Blaubeuren has been on my bucket list for years. Here’s why. It turns out that the Danube River (Donau) has its sources fairly nearby, starting in the Black Forest. When it reaches Ulm it is joined by another small river, the Blau, which itself is joined at Blaubeuren by the small Ach River. Now imagine migrating people (Homo Sapiens) reaching the Black Sea from Africa, or wherever. There they apparently found the mouth of the Danube River and eventually migrated all the way to its source, in southern Germany. Presumably, these were the first modern people to settle in Europe. (The Neanderthals had arrived much earlier but were more primitive people.) By the time they reached caves lining the Blau and Ach rivers they had developed considerable artistic and musical skills. In the aforementioned museum are found the oldest example of a musical instrument in the entire world, as well as the earliest example of a manmade human sculpted figure. We wanted to see them.

One of several flutes from nearby caves

One of several flutes from nearby caves

Female figurine, with valued body parts exaggerated

Female figurine, with valued body parts exaggerated

Male phallus representation

Male phallus representation

On the edge of town, right at the edge of the mountain, wells up a spring of impressive size. This is the source of the Blau river. We would like to have taken a close look but darkness had fallen, and the route was closed for the winter in any regard. We’ll have to return to see it, and also to check out the numerous limestone caves that have yielded so many ancient artifacts.

The museum, by the way, was most impressive in its own right and right up there with the best of German endeavors.

A full day of snow

A full day of snow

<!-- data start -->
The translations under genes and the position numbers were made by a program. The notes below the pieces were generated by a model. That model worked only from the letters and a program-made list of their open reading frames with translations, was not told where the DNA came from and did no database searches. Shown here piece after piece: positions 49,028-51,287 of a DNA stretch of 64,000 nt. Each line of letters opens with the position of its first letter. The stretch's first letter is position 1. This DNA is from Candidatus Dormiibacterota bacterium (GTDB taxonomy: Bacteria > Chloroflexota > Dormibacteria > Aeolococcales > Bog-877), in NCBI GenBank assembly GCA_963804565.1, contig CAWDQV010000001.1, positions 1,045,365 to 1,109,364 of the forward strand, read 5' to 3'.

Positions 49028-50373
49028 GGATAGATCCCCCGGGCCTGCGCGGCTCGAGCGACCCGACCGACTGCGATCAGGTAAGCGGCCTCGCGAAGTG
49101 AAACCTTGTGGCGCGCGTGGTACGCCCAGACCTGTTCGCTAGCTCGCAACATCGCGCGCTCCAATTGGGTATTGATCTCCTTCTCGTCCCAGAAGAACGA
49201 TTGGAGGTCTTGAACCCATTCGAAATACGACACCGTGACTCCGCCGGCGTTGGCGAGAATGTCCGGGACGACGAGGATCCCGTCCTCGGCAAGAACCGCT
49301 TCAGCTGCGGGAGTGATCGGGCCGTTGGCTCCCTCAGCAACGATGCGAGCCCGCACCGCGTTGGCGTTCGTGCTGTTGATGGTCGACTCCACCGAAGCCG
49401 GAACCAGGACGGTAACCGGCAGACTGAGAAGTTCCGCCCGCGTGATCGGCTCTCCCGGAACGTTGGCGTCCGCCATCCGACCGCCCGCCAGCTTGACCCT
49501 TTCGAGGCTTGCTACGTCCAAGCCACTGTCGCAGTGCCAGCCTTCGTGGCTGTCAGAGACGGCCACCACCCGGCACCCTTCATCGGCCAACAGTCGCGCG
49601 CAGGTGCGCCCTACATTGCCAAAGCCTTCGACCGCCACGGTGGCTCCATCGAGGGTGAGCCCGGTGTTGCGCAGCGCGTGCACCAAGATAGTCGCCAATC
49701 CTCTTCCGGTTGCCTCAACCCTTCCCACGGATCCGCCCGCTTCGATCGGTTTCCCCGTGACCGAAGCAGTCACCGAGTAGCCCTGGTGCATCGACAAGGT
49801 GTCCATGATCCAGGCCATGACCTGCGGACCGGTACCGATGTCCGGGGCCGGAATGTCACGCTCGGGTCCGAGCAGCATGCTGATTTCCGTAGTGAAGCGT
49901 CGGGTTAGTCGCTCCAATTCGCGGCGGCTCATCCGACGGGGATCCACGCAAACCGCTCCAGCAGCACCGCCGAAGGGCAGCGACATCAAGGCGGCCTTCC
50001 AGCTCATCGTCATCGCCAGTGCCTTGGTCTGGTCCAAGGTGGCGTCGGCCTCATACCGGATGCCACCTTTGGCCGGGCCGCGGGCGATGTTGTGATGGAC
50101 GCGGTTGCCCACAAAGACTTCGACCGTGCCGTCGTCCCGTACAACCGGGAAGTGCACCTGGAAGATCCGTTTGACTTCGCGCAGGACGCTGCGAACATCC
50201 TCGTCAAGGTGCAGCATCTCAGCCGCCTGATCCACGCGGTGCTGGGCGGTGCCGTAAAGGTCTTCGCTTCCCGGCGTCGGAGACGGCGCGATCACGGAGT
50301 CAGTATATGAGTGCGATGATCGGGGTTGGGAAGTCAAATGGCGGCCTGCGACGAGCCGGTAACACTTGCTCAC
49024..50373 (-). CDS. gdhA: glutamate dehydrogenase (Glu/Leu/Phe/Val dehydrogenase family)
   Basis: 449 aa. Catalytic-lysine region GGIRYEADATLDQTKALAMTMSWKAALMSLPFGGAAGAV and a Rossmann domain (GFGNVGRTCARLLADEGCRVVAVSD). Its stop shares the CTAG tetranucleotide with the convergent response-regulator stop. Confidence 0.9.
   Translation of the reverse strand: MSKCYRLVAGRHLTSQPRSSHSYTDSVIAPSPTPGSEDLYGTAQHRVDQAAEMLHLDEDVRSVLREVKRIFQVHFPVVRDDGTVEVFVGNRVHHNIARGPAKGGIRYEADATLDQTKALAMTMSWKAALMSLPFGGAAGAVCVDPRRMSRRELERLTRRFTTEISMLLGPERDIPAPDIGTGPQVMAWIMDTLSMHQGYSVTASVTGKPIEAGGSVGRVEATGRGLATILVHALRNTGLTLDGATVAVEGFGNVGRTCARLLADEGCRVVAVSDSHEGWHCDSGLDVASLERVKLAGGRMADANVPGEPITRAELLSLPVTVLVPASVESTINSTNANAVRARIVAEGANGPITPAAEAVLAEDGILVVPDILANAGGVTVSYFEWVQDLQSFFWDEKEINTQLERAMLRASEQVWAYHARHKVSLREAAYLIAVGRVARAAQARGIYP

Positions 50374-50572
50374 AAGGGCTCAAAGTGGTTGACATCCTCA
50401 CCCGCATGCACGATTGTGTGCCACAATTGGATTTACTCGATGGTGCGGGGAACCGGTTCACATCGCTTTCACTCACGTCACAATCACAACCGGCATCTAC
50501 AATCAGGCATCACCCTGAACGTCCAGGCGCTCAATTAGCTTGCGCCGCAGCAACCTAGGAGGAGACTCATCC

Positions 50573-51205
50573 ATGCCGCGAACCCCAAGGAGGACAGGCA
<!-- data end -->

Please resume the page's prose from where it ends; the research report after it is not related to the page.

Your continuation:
Ensconced in our cozy quarters, we enjoyed a homemade meal of local vegetables and sausages.

We rarely eat out because the local foods are so tasty.

We rarely eat out because the local foods are so tasty.

Next day we took a walk around our own little village.

Our hostess clears our driveway while we go have fun on foot.

Our host clears our driveway while we go have fun on foot.

Pretty white out there

Pretty white out there

Ever present crucifixes

Ever present crucifixes

Village church

Village church

The door was unlocked. It was Christmas morning.

The door was unlocked. It was Christmas morning.

The amazing interior

The amazing interior

Modern organ

Modern organ

Every church we have been in up to this Christmas morning has had a manger scene, but with no baby Jesus. Eva pointed out that he hasn’t been born yet, therefore he’s not in the manger. Now here on Christmas morning things have changed. We walked up to the alter.

The manger scene - no Jesus

The manger scene – no Jesus

Here's Jesus, over here, front and center.

Here’s Jesus, over here, front and center.

We leave the church quietly, admiring the carvings on the old oak door.

Ancient church door carvings

Ancient church door carvings

We’ve had some serious snowfall the past couple of days.

Heaps of snow

Heaps of snow

Firewood is blanketed

Firewood is blanketed

We walked by a large building with a fine painting on the outside. It’s the local school, named for a townsman who did well – Johannes Stoeffler, astronomer and man of many talents. It’s well to remember this man, though his prediction of the coming deluge was a bit premature.

Painted wall

Painted wall

The school

The school

Next morning we had to drive 2.5 hours to the Munich airport by 10:00, uncertain of road conditions. We were out the door by 6:30. Conditions were good and we had no trouble boarding our flight to Albania and a whole lot of new adventures.

Iffy driving conditions

Iffy driving conditions